Top German sports officials last week declared their vision of a joint 2036 Olympic bid between Berlin and Israel’s Tel Aviv.
In an op/ed published by Berliner Morgenpost Saturday, German Olympic Association president Richard Meng and German athletics official Frank Kowalski proposed that the joint Games on the 100th anniversary of the infamous Berlin 1936 Nazi-hosted Games would show “a strong signal of peace and reconciliation” between the capitals.
The German Olympic Sports Confederation (DOSB) has been under mounting pressure domestically after a string of failed bid attempts that have often ended before crossing the starting line. Most recently, officials behind a regional Rhine-Ruhr 2032 bid were caught unprepared when Brisbane was surprisingly named the International Olympic Committee’s (IOC) preferred candidate, virtually assuring that the Australian city will be named host later this year.
It is widely understood that a German bid to host the subsequent Summer Games in 2036, on the anniversary of Hitler’s propaganda-fueled edition, would present bad optics for both Germany and the IOC.
“This is indeed a difficult date for Germany and Berlin, given the Nazi Games of 1936,” officials wrote.
“Is the date alone therefore a reason for abandonment?
“You can also look at it the other way around. 2036 could show what has changed and still has to change.”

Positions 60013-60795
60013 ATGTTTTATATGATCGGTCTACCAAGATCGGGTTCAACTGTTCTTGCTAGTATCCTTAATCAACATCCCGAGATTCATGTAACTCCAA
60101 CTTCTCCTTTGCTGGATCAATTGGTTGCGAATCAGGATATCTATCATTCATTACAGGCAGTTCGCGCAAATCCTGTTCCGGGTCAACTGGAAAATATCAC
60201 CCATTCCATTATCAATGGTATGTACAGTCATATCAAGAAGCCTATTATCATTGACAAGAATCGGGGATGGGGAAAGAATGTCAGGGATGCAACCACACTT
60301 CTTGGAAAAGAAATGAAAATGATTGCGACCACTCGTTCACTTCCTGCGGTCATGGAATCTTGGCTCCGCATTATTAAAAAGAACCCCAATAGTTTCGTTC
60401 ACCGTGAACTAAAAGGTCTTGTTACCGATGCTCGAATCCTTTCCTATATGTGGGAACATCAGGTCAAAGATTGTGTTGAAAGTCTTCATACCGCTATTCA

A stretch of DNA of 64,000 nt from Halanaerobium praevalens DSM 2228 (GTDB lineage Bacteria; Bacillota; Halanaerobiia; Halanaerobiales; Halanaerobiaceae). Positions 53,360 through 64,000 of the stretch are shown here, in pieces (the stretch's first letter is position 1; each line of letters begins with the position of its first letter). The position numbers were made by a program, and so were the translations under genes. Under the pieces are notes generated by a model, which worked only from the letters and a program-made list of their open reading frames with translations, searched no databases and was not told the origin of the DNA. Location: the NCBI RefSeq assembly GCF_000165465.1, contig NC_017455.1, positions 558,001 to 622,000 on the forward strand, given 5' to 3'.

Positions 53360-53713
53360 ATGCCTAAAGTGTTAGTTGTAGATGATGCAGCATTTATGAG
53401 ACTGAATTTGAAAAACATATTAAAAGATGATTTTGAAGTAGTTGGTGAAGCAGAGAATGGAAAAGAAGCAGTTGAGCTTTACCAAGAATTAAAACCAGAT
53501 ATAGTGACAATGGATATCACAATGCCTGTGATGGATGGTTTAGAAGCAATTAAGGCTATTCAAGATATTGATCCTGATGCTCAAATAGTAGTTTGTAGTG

But such tokenism is most likely an attempt to whitewash the painful anniversary and keep Germany in the hunt for the next available Games.
Meng and Kowalski propose staging sailing and surfing in the Mediterranean and other sports such as beach volleyball inside Tel Aviv.
The authors admitted, however, that the proposal was more of a dream. They wrote “It’s a vision, nothing more.”
In a statement, the Israeli Olympic Committee said they support the hosting of the 2036 edition of the Games in Germany, but fell short of endorsing a joint project.
“Holding the Olympics in Berlin, 100 years after Hitler’s 1936 Olympics, will remind us all of the dark times we experienced and send a strong message to the world of the values we must uphold,” it read.
Berlin’s sports and interior minister Andreas Geisel is in support of the joint bid, telling Berliner Morgenpost that “of course [it would be] a strong sign for peace and international understanding – in full awareness of our painful history and the abominable misuse of the Olympic idea by the National Socialists.”
The two capitals support “openness to the world, freedom and tolerance. These are the messages that radiate from a joint bid for the Olympic Games.”
In 2001 the Israeli government budgeted USD $1.37 million for a two-year feasibility study on hosting a future Olympics. In 2008 it was concluded that Tel Aviv would prepare for a 2048 Games commemorating the nation’s 100th anniversary.
Under reformed IOC bidding rules, joint national bids and regional projects are now permitted, and proposals for the 2036 Games could enter into a dialogue with the Future Host Commission immediately. There are no longer set timelines for the election of Olympic hosts.
Berlin lost its 2000 bid to host the Games, and more recently Germany’s Hamburg withdrew from the 2024 race after losing a public referendum and Leipzig failed to make the 2012 IOC shortlist.
For the Winter Games, Munich was defeated by PyeongChang in its 2018 bid and was prevented from moving forward a 2022 project after losing a referendum.
Germany last hosted the Olympics in Munich in 1972, a Games that was marred by tragedy when 11 members of the Israeli team were murdered by Palestinian terrorists. Israel has never bid for, or hosted the Games.